College Essays: FAQs

College application essays don't need to be stressful! Personal essays are a key part of the admissions process for many U.S. colleges and universities. These essays give the admissions team a sense of who you are as a person. Colleges look for three things in your admission essay: a unique perspective, strong writing, and an authentic voice. A strong college admission essay is a place to reveal what is unique about your experiences and personality.


What is the college application essay?

The application essay – also called a "personal statement" – is part of the admission process to many U.S. colleges and universities. A successful admission essay goes beyond your grades, test scores, and resume, giving colleges a sense of who you are as a person.

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Does my college admission essay really matter?

Yes! Many students have similar grades, test scores, and activities. Your college admission essay is the place to show what's unique about your character and personality.

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What are colleges looking for in your application essay?

Colleges look for three things in your admission essay: a unique perspective, strong writing, and an authentic voice. People in admissions often say that a great essay is one where it feels like the student is right there in the room, talking authentically to the admissions committee!

Admission essays are very different from the 5-paragraph essays you write in English or history class! Great essays are built around stories, not arguments. They reveal your character, not rehash your achievements. The best essays focus on moments when you changed, learned, or grew as a person.

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When should I start writing my college essay?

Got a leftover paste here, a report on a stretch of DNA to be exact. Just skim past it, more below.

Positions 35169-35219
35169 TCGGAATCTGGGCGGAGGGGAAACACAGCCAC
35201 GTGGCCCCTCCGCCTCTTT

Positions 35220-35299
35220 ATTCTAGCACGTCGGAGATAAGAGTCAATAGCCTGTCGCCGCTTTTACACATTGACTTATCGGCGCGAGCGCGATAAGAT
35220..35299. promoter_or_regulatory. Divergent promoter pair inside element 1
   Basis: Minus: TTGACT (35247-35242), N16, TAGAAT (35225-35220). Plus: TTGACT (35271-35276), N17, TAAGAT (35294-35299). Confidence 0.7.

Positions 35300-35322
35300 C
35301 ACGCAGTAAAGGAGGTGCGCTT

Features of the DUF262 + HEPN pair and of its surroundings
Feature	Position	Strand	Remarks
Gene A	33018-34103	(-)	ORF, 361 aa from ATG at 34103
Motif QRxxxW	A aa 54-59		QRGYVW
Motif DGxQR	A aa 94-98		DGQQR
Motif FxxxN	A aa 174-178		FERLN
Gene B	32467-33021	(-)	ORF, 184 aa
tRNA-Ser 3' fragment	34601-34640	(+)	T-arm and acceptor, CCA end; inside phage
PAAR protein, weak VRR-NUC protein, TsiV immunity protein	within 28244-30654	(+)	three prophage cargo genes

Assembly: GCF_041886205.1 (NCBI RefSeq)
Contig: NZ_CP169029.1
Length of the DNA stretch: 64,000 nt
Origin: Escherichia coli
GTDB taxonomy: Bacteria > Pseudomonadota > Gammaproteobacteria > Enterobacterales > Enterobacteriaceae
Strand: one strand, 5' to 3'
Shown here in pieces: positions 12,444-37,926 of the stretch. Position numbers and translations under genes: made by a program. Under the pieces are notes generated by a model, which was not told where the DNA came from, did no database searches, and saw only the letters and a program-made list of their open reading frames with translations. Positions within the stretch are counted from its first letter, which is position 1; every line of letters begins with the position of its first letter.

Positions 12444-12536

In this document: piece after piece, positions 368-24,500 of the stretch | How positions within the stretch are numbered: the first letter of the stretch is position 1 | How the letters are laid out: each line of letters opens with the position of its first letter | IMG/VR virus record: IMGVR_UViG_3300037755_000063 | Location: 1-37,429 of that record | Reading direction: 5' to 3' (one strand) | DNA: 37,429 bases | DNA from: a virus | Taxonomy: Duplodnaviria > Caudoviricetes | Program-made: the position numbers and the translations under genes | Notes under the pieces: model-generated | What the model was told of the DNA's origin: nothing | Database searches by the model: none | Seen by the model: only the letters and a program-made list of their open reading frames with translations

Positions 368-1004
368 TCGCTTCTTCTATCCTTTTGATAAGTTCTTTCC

If you're in twelfth grade, start now! Many students start the process in the spring of eleventh grade and try a number of different stories as part of the essay process.

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What can I do for my college essay if I’m not a strong writer?

The best college essays begin with stories from your lived experience in your natural speaking voice. You can start by making a list of experiences that have shaped you into who you are, and then tell one of those out loud – on your phone or laptop. Transcribe it, and that's your first draft!

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What can I write about in my college essay if I have not been through anything monumental?

You don’t need to write about “superhero” moments! Often simple, everyday moments reveal who you are most powerfully. So make a list of experiences that have shaped you, and start your essay there!

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How should I start brainstorming topics for my college essay?

The best college essays are based on experiences that have shaped you. You don't need to show your achievements – those are already in the Activities section of your application. Who's the person behind those achievements? What have you done that shows what people can count on you for in college and life?

Start by brainstorming your moments of growth and change. Write down as many as you can think of, and be as specific and detailed as possible about what happened in those moments! You can use that list to answer all your college admission essays – personal statements, supplements, and scholarship essays.